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LETTER: Birds a harbinger of the threats facing our planet

We live in Colwood, in the heart of unprecedented development, near a remnant bit of forest that still supports at least some wildlife. Even the occasional bear or cougar passes through in search of a place to call home.

But, mostly, the nearby trees contain birds: big birds of prey – eagles, hawks, and turkey vultures, along with diminutive kinglets, inconspicuous brown creepers, and petite Pacific wrens.

Some days this precious patch of forest is alive with the delightful drilling of noisy woodpeckers, flighty chestnut-backed chickadees, and showy juncos sporting tail feathers that remind me of cheerleader skirts (and lift my spirits).

Watching birds we can learn to be good neighbours and mindful stewards; to cultivate what Wendell Berry calls “the wisdom that comes from unceasing attention and practice.”

Imagine a nation of devoted bird watchers – truly watching, (not just counting to see how many species we can identify), to celebrate birds and care for them.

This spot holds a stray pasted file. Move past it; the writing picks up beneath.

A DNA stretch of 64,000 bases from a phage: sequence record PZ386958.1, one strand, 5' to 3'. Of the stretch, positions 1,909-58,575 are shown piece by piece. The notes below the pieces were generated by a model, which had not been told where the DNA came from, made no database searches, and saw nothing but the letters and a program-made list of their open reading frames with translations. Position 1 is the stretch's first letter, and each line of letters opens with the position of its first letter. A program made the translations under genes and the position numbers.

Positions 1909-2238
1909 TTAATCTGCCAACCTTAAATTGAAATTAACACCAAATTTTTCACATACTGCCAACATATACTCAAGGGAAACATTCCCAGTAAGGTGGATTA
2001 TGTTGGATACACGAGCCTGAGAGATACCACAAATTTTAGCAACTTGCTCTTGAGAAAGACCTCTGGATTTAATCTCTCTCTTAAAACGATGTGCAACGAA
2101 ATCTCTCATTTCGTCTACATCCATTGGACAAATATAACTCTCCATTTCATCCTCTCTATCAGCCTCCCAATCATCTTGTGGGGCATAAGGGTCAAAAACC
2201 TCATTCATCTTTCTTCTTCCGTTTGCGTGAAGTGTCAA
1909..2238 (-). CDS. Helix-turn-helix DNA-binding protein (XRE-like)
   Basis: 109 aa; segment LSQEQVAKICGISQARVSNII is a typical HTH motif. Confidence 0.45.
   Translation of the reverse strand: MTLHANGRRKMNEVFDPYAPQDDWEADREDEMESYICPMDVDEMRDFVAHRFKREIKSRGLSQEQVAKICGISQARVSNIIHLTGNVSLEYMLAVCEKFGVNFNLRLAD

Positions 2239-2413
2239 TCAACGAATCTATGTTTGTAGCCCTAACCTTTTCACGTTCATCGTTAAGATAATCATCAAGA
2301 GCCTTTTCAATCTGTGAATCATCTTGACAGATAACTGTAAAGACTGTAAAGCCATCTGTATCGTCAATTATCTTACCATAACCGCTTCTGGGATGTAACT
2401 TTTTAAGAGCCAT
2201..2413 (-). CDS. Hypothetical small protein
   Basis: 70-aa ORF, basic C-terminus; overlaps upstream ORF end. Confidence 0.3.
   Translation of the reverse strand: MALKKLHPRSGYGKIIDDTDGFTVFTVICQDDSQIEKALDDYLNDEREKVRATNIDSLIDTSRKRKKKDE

The more we listen and observe, the more we will see what birds need to thrive – a safe home, clean water, a secure food supply, a stable climate, a bit of wildness, and community. Just like us.

All life on Earth is facing incredible challenges as our collective life support systems collapse under the weight of a global economy based on endless extraction and exploitation.

More than 1,500 bird species are at risk of extinction. Are wild birds our ‘canary in the coal mine’?

Like us, they are threatened by global warming, deforestation, biodiversity loss, and pesticides. (Also, unlike us, cats and dogs.)

The solution? Save forests. Protect local natural areas, wetlands, streams, creeks, and rivers. Plant and care for trees, shrubs and flowers. Put up birdhouses and feeders. Add water features. Leave some grass unmowed. Stop using pesticides. Turn neighbourhood boulevards into habitat hot spots with thoughtful plantings. (And keep our cats indoors and our dogs leashed!)

Birds symbolize peace, and hope; two things we desperately need right now.

We can teach our children about birds. And our children can teach us to care.

Karyn Woodland

Colwood

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